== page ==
As for the reproduction of the Poinsettia this occurs in spring by cuttings (taking care to use a razor instead of a scissors, in order to avoid crushing the branch); the cut part is then placed in a glass of warm water and left to root; then invaded.
The poinsettia is a very cultivated plant in Italy (in areas with a flowering vocation), although in recent years there has been a significant decrease due to the cost of heating the greenhouses. The areas where the world is also cultivated are those of the Netherlands and the United States.

Uses and Traditions –
The Christmas star, for quite some time, has become part of the traditions of our homes during the Christmas period.
It is above all the red color of the bracts of the poinsettie that lends itself well to decorate the houses during the Christmas period, seeing that this color has become the symbol of Christmas over the years; This is because it most probably recalls the red garment of Santa Claus, and therefore the red berries of these ornamental plants have traditionally been used for the decorations of the Christmas fir and of our houses. The fact that this plant tends to flourish in autumn and winter has quickly spread its use, given the ease with which they can produce new specimens, through reproduction by cuttings.
Among the various legends, it is also said that two small Mexican children, who could not bring gifts to the crib of their town, brought simple branches of the shrubs near their house; as soon as the branches on the crib were placed, they revealed large colored flowers which embellished the entire crib.
This legend is certainly linked to the tradition of Christmas, which would see, as welcome gifts, simple trinkets, candles and colored ribbons, because it is the thought that matters and not the gift itself. In fact, as happens with most of the plants used during the holidays, what makes them the symbol of a party over time is the simple fact that during that time of year these plants are in bloom, or bring berries, or are easily available. The same European tradition in fact uses as holly plants typical of late winter holly, fir, holly, or all the plants in the forest that in this period are more beautiful and lush. Also because the presence of vegetative and colored parts compensate for the presence of cold and outdoor snow, giving heat to our homes.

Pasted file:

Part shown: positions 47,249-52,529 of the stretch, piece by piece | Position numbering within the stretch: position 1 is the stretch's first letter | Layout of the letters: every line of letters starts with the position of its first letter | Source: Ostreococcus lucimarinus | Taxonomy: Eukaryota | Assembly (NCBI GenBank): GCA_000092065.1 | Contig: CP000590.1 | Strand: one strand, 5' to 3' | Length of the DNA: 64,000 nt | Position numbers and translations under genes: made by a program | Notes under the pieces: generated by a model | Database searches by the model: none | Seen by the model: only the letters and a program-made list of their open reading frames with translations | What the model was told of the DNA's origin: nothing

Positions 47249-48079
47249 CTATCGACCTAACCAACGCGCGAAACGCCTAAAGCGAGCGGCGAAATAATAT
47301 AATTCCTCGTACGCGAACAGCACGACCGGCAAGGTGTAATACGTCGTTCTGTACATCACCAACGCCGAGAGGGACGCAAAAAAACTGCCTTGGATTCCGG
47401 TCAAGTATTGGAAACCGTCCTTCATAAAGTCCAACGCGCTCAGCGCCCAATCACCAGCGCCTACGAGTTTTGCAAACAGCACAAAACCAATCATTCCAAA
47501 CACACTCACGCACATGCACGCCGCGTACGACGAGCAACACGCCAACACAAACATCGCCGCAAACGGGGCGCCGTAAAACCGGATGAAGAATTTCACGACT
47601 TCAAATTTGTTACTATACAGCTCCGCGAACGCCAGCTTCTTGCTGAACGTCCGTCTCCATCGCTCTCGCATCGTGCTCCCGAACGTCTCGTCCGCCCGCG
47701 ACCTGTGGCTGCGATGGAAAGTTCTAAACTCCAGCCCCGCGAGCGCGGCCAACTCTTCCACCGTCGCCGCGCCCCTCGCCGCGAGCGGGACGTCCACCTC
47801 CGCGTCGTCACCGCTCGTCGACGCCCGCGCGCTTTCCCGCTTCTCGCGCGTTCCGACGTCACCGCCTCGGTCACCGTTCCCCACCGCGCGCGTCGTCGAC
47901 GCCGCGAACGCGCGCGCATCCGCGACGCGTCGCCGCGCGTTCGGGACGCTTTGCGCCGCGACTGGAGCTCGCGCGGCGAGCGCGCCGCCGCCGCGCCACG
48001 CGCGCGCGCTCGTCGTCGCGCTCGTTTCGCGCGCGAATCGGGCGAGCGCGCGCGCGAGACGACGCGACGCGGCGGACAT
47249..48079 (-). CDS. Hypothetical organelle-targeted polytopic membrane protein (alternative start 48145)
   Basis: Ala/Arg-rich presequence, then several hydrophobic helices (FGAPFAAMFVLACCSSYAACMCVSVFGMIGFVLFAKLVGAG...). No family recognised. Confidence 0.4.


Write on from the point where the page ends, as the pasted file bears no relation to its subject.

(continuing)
It is also said that in 1825 (or 1828, the precise date is not clear) while Poinsett was ambassador to Mexico, he saw a marvelous red patch about two meters high. It was a bush of Poinsettia, although at that time, of course, it was not called this way. Poinsett imported the plant to the United States and right from the US began cultivation for ornamental purposes and the business of Poinsettia.

Preparation Mode –
In addition to its ornamental purposes, the poinsettia has no other particular uses, but since it is often kept in our homes, some precautions must be taken into account due to the fact that within its trunk and its branches there is a milky substance (latex), slightly irritating to the skin but highly toxic to dogs and cats.
The whole plant is poisonous, in particular the leaves. The intoxication can occur by contact and ingestion. The symptoms that are found in case of contact are skin irritation, erythema, itching, burning. In case of accidental ingestion, the symptoms that can be found are irritation of the mouth and of the ola, diarrhea, nausea, vomiting, loss of consciousness.
It is therefore good to know that in case of skin contact, wash with plenty of neutral soap, and if irritation persists, contact your doctor.
In case of intoxication do not induce vomiting. Even in the absence of symptoms, bring the person to the emergency room and, if the situation appears particularly serious, contact a Poison Center.
In short, not all plants can be used for food or for direct use for Man but Nature has its secrets and how it is right to think in these cases, since the Christmas Star is combined with the birth of our Lord: Man lives only in bread!

Guido Bissanti

Sources
– Wikipedia, the free encyclopedia.
– Treben M., 2000. Health from the Pharmacy of the Lord, Advice and experience with medicinal herbs, Ennsthaler Publisher
– Pignatti S., 1982. Flora of Italy, Edagricole, Bologna.
– Conti F., Abbate G., Alessandrini A., Blasi C. (edited by), 2005. An annotated checklist of the Italian vascular flora, Palombi Editore.

Attention: Pharmaceutical applications and alimurgical uses are indicated for informational purposes only, they do not in any way represent a medical prescription; there is therefore no liability for their use for curative, aesthetic or food purposes.